Edward Bouverie Pusey was one of the leading voices of the Oxford Movement, the greatly influential catholic revival in the Church of England in the nineteenth century. In anticipation of his feast day (today, 18 September), I spent some time over the weekend perusing a book entitled The Mind of the Oxford Movement, edited by Owen Chadwick. Great stuff, timely and challenging; in fact, I had intended to simply post a short excerpt from one of Pusey's sermons, but I couldn't make up my mind. In consequence, I'll be sharing a few selections here over the next few days. To begin, here is Pusey speaking of "the hidden life":
As this hidden life is obtained by deadness to the world - "ye are dead and your life is hid with Christ in God" - so, by that deadness, is it to be cherished, maintained, perfected. Death to the world is life to God; the life in God deadens to the world. By Baptism we were made partakers of Christ's Death, that we might henceforth share His Life ... The less we live for things outward, the stronger burns our inward life. The more we live amid the distractions of the world, the less vivid is the life of the soul. The more we live to things unseen, the less hold will this world of sense have over us. The more we make anything seen our end, any thing short of approving ourselves to God, the more will our hidden life decay. It matters not wherein we are employed, but how. We may in the most sacred things forget God, or in the most common things serve Him. We may be promoting His Truth, and ourselves be but the unfruitful conduit through which It flows to water the earth; or we may in the meanest things of this earth be living to His Glory and thereby promoting it. Everything seen, even the outward Coming of God's Kingdom, may make men lose sight of God; in every meanest duty the quickened eye may see Him the Invisible. Self-denying duty, love, and contemplation, together advance this hidden life. Alone, self-denying duty were austere and hard; love were weak and faint; contemplation but imaginative or sensual. Together, self-denial deadens the flesh; deeds of love soften the spirit; contemplation fixes the soul upon God ...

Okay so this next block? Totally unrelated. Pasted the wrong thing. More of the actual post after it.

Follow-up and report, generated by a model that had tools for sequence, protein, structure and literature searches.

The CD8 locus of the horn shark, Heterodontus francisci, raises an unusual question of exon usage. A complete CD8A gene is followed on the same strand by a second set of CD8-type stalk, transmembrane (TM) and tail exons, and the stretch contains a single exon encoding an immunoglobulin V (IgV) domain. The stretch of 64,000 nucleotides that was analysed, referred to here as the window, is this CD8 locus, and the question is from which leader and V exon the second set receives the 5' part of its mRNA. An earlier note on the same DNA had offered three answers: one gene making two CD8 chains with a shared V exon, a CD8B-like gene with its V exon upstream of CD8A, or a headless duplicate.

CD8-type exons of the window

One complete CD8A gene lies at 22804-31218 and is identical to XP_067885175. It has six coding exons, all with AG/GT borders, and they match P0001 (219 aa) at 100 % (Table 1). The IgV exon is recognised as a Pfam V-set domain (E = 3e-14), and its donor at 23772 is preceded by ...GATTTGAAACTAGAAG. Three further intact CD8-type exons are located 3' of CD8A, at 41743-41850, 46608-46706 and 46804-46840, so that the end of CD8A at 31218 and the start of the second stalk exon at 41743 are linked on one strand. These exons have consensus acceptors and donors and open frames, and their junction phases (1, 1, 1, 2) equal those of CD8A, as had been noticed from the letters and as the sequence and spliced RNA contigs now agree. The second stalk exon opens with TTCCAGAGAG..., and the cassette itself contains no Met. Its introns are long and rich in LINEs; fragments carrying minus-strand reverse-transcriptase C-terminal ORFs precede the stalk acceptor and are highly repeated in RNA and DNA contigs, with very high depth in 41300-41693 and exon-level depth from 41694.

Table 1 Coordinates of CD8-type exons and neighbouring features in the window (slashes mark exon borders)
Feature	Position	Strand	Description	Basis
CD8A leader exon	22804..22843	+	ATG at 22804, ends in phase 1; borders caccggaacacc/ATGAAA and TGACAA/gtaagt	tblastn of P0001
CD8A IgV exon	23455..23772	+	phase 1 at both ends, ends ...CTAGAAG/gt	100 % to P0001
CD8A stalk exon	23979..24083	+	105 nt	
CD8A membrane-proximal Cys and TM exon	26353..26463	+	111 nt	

This, then, is our office; to see how, day by day, we may be ourselves more hidden from the world, that we may be more with God; how to discharge our duties in it, so as more to forget ourselves and remember God only; to consider this only, how they may be done, so as best to please Him; how self may least mingle in them; to seek no bye-ends of our own, no applause of men, nor our own; rather to seek how we may escape men's praise, that we may win God's; escape men's sight and be seen by our "Father Who seeth in secret" only, and have that in store with Him, which He, "in the last day", "will reward openly"; to be content with the least; desire no more than we have; be thankful to escape the snares of those who have what we have not; be glad, if it may be, to have less, that others may abound; to disburden ourselves of wealth by giving to Christ's poor; forget self in others, love others in God; seek only to be "buried with Christ" from this world and its vanities, hidden in His Tomb, so that all the show and pomps of this world may but flit around us as unreal things, but not catch our gaze, nor draw our hearts, which have been "buried with Him" and are now "risen with Him."
E. B. Pusey, from Sermons during the season from Advent to Whitsuntide